The fan is a key component in your HVAC system, so it’s important to understand how different models operate. Across the spectrum, there are variations in efficiency, cost, and audibility, and ultimately, the wrong fan for the job could lead to poor efficacy and higher overheads. Below, we discuss what you need to know about the three principle HVAC fan types: axial, forward-curved centrifugal, and backward-inclined.
Axial fans have the most simple design, with propeller-shaped blades and spinning shaft. These HVAC systems are intended for spaces where the airflow and static pressure is fairly low, and thus, aren’t suitable for applications where there is high resistance, or high static pressure. Common applications include outdoor air conditioning condensers, combustion engine cooling, and electronic component cooling (for example, the fan on a desktop PC is an axial fan). Although these fans are the lowest cost of the three, this is because they’re not suitable for high-pressure environments. For instance, in all the mentioned applications, there is little or no resistance to airflow.
Forward-curved centrifugal fan
This type of HVAC fan looks similar to a hamster wheel or waterwheel, with internal spokes and horizontal bars around the circumference. Assuming the air pressure is comparable, a centrifugal fan will create a higher pressure environment. This consumes additional power and creates more noise, so generally speaking, these fans are only recommended if the space really demands it.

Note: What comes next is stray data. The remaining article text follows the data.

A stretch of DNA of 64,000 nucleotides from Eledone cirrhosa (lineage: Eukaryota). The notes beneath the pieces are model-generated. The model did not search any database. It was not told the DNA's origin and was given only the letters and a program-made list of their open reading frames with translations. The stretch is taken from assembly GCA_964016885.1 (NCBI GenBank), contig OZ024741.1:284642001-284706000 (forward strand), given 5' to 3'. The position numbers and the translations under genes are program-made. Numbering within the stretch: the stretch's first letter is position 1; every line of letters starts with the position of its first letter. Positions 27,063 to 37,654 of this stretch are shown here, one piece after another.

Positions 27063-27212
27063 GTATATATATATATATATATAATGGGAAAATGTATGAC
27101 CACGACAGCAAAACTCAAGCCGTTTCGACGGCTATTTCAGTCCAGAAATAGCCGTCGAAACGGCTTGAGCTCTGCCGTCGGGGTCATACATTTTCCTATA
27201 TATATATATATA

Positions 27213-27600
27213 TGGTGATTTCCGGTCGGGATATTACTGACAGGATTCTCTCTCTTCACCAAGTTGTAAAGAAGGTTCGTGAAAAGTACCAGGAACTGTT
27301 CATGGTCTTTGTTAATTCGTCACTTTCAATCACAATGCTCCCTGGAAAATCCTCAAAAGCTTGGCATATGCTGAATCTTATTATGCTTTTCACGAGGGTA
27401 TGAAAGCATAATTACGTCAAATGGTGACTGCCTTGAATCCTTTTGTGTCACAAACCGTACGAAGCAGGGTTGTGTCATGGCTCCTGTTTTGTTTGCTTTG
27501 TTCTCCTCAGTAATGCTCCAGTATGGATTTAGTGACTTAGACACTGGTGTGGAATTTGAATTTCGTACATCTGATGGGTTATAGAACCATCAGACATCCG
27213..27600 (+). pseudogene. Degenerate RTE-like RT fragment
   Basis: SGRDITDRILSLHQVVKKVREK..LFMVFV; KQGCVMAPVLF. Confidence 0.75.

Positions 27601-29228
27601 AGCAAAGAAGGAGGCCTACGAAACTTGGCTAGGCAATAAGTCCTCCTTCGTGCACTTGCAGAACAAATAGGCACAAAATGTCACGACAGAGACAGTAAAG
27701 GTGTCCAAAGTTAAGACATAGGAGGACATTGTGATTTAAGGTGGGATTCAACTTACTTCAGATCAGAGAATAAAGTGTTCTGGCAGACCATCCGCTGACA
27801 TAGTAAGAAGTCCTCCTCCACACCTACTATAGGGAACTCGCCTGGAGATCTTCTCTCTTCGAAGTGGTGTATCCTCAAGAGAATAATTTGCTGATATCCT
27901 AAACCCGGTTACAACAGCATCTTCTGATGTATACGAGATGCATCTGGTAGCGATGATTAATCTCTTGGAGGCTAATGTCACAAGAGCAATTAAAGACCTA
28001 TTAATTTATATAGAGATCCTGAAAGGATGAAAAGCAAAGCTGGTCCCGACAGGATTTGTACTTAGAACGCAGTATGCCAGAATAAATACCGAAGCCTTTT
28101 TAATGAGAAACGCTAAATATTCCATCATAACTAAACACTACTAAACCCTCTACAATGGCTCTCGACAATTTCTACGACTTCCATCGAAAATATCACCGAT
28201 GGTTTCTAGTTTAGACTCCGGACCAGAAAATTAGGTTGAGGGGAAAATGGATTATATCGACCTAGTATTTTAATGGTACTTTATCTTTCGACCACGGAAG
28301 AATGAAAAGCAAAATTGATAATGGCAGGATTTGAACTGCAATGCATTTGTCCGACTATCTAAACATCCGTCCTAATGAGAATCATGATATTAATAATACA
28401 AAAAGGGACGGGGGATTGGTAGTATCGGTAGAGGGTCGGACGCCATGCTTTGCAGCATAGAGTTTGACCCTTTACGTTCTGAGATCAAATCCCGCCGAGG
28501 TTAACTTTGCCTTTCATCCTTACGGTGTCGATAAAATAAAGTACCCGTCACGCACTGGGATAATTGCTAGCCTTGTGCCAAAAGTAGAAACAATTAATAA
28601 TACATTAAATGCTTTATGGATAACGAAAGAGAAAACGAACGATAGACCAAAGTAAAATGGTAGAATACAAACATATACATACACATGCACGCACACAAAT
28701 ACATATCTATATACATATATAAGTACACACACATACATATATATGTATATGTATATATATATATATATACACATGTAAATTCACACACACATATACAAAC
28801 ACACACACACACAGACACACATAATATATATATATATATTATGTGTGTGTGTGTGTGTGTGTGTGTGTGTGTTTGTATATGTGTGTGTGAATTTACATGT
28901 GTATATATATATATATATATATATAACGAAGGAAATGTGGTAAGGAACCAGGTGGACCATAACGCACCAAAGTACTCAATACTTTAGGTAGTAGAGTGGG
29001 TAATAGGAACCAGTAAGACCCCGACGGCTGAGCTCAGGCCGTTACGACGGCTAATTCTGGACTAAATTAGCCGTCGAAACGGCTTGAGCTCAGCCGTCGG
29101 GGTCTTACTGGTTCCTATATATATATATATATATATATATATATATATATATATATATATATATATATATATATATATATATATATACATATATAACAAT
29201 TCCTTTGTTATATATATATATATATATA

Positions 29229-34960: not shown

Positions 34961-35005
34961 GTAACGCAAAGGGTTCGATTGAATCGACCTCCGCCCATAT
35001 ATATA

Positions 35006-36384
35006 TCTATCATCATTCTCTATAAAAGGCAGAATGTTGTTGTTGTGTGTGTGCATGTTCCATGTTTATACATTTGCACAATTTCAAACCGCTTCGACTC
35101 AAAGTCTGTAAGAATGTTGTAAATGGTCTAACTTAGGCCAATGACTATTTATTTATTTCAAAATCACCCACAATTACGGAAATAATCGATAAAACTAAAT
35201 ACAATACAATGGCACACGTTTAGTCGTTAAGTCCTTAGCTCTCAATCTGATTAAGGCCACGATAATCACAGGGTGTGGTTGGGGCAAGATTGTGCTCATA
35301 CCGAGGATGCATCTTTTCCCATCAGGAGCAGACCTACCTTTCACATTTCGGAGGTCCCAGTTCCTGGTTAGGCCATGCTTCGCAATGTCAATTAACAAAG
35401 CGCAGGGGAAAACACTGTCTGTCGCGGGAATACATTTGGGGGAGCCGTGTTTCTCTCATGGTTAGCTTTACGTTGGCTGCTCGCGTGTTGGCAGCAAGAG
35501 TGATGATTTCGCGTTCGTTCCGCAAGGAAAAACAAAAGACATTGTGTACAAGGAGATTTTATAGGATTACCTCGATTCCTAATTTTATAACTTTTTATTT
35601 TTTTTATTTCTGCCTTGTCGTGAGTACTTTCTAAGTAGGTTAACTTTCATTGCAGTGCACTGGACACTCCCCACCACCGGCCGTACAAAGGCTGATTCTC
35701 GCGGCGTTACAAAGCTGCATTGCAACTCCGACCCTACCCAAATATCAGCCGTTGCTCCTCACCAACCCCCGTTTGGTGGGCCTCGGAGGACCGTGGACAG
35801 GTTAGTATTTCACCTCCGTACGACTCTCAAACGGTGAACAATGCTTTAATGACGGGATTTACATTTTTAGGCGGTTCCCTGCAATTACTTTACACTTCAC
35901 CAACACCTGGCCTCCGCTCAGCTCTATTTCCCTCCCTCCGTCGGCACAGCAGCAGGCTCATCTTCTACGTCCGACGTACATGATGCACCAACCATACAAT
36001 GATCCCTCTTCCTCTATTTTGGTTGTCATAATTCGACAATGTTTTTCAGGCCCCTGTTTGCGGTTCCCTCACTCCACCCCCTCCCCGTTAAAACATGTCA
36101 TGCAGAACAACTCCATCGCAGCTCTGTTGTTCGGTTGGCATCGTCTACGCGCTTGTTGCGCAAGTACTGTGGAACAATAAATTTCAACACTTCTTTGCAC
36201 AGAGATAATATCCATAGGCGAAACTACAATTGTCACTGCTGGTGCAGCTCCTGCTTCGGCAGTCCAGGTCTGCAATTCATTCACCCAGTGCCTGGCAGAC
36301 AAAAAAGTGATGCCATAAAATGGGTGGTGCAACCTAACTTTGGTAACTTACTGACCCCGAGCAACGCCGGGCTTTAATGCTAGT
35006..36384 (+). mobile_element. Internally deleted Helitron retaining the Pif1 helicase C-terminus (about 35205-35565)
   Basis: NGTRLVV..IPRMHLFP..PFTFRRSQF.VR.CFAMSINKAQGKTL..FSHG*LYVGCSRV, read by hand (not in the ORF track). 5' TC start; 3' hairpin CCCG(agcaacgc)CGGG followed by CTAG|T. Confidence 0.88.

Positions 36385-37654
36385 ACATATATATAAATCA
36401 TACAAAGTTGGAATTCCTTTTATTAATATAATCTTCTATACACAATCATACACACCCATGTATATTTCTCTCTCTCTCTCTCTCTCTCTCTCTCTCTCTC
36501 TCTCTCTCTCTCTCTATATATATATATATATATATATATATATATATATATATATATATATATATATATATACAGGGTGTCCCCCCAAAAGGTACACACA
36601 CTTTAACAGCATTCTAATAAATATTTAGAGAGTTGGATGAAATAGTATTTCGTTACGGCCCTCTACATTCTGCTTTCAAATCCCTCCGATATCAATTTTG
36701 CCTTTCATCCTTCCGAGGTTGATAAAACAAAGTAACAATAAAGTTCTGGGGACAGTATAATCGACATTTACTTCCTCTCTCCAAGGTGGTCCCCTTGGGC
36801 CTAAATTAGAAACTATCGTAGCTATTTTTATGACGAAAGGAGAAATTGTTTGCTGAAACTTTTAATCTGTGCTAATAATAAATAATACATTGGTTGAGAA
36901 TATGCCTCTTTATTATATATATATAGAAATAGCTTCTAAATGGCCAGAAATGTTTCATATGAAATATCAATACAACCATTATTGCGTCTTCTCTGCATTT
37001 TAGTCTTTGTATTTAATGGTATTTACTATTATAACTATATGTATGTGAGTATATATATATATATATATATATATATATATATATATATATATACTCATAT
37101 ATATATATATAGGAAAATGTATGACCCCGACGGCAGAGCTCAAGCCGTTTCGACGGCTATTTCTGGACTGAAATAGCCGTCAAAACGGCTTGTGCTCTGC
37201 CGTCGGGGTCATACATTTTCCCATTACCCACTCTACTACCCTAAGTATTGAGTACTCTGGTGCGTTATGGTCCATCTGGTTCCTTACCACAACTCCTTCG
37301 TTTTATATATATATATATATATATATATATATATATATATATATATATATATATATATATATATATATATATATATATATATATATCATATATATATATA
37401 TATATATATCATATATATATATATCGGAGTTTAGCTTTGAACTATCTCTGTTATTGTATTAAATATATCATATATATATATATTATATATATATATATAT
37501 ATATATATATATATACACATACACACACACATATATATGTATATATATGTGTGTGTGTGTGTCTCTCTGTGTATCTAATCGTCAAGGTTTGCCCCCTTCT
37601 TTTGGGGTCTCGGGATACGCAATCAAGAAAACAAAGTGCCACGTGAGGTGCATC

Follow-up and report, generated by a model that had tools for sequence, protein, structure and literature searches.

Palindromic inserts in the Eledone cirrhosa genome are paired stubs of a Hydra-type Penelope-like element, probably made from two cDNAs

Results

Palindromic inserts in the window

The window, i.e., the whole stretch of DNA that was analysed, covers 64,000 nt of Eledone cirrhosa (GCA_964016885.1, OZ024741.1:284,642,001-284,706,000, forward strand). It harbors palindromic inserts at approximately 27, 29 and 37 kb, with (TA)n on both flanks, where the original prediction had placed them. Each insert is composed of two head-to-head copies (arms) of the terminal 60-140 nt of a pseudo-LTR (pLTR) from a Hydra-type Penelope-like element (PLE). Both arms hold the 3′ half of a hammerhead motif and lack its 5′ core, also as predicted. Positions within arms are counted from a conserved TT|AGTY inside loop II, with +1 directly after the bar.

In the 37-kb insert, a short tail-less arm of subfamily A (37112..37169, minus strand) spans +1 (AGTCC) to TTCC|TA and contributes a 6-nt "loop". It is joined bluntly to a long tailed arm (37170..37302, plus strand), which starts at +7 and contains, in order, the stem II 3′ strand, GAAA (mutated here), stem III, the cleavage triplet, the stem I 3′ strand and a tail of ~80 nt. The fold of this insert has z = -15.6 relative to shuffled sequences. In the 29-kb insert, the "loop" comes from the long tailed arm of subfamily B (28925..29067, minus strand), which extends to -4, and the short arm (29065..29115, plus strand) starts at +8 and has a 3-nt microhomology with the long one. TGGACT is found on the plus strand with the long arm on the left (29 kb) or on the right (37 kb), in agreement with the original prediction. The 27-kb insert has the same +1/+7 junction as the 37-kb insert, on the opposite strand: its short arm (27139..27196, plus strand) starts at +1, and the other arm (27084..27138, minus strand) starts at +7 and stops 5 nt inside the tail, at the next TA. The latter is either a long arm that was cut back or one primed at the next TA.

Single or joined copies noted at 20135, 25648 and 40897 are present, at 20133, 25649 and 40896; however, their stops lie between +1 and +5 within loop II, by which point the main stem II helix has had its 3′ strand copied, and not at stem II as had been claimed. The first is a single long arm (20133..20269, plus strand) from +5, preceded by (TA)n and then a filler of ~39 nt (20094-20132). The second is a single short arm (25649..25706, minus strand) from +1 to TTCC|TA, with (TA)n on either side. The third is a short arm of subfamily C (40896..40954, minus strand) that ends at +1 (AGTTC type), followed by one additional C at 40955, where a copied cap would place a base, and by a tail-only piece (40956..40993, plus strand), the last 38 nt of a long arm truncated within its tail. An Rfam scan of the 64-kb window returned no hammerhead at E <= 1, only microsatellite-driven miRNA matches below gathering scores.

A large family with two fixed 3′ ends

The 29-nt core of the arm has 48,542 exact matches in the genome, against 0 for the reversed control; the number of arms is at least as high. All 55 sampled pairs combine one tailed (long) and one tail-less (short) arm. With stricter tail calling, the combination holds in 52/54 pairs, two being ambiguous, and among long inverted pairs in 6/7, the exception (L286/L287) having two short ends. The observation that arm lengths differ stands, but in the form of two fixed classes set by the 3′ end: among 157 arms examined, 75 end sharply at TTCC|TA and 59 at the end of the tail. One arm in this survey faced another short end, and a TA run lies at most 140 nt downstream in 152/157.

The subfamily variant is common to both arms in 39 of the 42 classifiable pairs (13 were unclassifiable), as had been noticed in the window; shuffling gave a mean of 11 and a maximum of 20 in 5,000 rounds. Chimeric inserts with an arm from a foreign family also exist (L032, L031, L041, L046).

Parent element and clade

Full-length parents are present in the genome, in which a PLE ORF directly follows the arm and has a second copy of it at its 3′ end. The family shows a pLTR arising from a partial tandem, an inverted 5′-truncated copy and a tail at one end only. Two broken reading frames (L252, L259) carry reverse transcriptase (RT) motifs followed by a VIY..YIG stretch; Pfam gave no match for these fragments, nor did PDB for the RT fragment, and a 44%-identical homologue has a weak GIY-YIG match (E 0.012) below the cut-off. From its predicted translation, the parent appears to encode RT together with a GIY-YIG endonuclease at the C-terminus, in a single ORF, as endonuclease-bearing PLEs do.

As a component in an HVAC system, the main applications for centrifugal fans are pumping air into air duct systems. Unlike the open-discharge axial fans found in contexts like cooling towers, these fans need to be powerful enough to manage the high static pressure in ductwork. Operation requires a direct drive or a belt, and can also be boosted with a variable frequency drive in particularly demanding applications.
This type of fan is identifiable by the unusual shape of the blades, which to the untrained eye, can look incorrectly installed. These fans also have two further subgroups: curved-blade and straight-blade, and are driven in a similar fashion to centrifugal fans.
The most common applications of these fans are industrial settings with high airflow and changeable resistance. Examples include incineration plants, glass tempering, dust extraction, and process cooling. In commercial systems, these fans are generally used in energy-recovery ventilation.
Consult a professional
The exact model of the HVAC system will depend on the application and the budget. Although centrifugal and backward-inclined fans may be more effective, you have to ask if this is necessary, or indeed, if it meets your exact needs. For instance, if your priority is air quality as opposed to circulation, you may be better off looking into purifiers over HVAC systems.
Amongst the key groups of HVAC fans, there are further shapes and sizes that will help you narrow down your options. At the end of the day, you’ll achieve the best results by consulting a building services professional; they’ll be able to analyse the variables, options, and cost limitations to recommend a solution that suits your needs.